Well, again, thanks for all the input.

Regards,

Hutch
 
Editing Software

Hutch said:
If I ever get someone to help me determine how to get the file size small enough, I'll put a trailer on the web.
I believe the manual that came with Premiere should have procedures for turning your .avi file into a .mpeg or .mov file.

Well, now that Hutch's problem has been solved. I have an editing software related question all of you.

I am looking to buy both a computer and editing software to go on it. Now I will primarily be using this computer for editing (maybe some small internet usage, but I'll leave that mostly to my old PC). There is a chance I could get a DELL or GATEWAY computer for a discount price, through my father's workplace. But I've been told that it might be better for me to get an editing suite from one of those companies that specialize in PCs designed for sole purposes (i.e. designed solely for editing - big Hard Drive, good Video Card, etc.).

My question is mainly, which should I pick? I know that the Editing Suite might be cheaper, but what if my ancient computer craps out and I need to start logging on to the internet on my new computer? If it is the Editing Suite, I don't think it'll be able to hold how much work I do on my computer.

And if I get the DELL or GATEWAY, will the minor programs that are factory installed screw with the amount of memory I have and cause my computer to crash every time I start to edit something?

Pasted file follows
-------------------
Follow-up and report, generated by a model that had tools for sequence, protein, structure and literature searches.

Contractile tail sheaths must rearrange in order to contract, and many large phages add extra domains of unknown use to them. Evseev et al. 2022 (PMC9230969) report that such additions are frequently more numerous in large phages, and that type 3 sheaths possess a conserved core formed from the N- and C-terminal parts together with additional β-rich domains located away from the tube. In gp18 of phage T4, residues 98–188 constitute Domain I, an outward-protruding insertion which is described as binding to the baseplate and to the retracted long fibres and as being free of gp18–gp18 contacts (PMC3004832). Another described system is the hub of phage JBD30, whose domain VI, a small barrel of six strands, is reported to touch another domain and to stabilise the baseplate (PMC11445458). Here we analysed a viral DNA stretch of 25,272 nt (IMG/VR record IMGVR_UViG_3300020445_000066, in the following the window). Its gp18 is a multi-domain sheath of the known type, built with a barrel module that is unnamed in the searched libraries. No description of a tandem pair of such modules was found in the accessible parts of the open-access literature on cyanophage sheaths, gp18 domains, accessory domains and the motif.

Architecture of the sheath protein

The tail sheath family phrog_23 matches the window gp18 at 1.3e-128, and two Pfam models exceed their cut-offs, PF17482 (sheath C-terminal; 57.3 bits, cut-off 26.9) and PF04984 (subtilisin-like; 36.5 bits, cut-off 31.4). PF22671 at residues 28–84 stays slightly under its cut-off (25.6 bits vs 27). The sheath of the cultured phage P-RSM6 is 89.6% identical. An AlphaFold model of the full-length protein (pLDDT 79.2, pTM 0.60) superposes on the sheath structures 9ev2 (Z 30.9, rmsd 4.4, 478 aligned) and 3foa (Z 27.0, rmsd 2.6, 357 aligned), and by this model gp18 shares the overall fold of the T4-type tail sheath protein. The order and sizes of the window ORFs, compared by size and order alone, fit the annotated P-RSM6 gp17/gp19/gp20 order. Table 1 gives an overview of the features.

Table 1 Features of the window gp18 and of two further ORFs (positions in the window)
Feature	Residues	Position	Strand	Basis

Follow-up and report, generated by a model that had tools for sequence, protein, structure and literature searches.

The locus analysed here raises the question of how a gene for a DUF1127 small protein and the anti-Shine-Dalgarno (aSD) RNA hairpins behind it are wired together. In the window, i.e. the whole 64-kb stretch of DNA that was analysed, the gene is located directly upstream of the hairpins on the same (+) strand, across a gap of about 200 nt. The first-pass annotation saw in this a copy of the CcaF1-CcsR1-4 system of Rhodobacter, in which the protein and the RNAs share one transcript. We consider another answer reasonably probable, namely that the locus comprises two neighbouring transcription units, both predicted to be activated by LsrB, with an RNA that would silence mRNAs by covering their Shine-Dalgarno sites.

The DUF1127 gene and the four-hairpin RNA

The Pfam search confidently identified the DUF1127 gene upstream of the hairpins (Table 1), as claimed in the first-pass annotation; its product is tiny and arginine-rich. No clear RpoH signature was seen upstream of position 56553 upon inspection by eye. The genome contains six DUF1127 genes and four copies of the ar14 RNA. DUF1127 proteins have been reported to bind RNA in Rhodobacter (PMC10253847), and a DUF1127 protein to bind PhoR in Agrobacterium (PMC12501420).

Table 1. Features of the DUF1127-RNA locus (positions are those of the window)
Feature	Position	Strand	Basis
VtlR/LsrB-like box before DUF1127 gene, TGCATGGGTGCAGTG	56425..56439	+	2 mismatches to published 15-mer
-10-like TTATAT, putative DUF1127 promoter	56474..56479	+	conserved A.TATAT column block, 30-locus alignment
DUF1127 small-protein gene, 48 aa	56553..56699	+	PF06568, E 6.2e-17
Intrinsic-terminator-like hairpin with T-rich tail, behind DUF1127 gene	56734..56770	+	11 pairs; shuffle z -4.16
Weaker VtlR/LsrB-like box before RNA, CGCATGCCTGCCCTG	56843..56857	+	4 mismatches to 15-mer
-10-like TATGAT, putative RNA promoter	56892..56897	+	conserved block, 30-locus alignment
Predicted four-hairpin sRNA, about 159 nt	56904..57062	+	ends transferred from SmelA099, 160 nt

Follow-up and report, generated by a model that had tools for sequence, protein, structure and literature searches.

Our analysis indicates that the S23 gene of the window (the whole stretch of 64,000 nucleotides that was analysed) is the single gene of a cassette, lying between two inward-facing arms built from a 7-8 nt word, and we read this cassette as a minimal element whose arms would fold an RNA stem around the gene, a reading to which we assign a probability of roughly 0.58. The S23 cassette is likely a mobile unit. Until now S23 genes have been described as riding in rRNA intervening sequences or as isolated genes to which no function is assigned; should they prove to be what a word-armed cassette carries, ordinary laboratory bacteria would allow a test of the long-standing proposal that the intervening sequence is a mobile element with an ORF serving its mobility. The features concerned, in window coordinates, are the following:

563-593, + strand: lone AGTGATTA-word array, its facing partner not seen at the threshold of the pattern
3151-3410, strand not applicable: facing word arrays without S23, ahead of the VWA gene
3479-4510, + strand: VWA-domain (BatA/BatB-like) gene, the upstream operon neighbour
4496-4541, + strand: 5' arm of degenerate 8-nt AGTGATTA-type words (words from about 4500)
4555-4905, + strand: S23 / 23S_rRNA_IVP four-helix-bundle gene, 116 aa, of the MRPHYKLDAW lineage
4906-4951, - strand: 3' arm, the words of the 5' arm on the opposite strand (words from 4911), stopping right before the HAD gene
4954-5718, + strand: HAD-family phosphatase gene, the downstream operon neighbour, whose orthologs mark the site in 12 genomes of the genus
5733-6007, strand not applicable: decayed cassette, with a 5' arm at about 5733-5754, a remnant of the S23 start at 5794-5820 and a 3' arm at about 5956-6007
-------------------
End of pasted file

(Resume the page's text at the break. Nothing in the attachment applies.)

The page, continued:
Any suggestions or anecdotes will be greatly appreciated.

Poke
 

Hutch

Member
Poke,

I bought the HP Pavilion with a 2.53 gig-hz pentium 4, 512 meg, 80 gig disk, onboard dvd writer and cd writer and HP flat screen. The operating system is Win XP home verison.

I loaded both my full Adobe Editing Suite (Premiere, after effects, illustrator, etc) and the music suite (Cubase) that I have tied to my recording studio, and I have not had a moments problem.

It comes with a fire wire port on board, several usb ports, a nice set of speakers, and all of the other usuals.

Everything installed as it was supposed to and is working as the documentation indicates.

Now, as to your response about my video file size :cry: , well that is another matter. I had no problem converting the file to .mov (and in fact to several other formats.) The problem is, there are an incredible number of tuning parameters to adjust the file size. Frame size, audio hz, color adjustments, line speed, and the list goes on and on, not to mention the large number of settings for each of the aforementioned. I'm winding up with a 20 meg file for a 1 minute trailer, when other trailers I'm seeing are around 4+ meg. Have had some good feedback from other associates, but nothing has reduced the file size yet without destroying the quality of the video. (By the way, I don't mean making it worse, I mean bringing it down to where you can't even tell what's on the screen.) In fact, I dumped it to a .mov file and left the audio off just to isolate things, and it was still over 20+ meg. If anyone has any suggestions, I'm all ears! (as you can see in my attached picture :D )

Regards,

Hutch
 
Thanks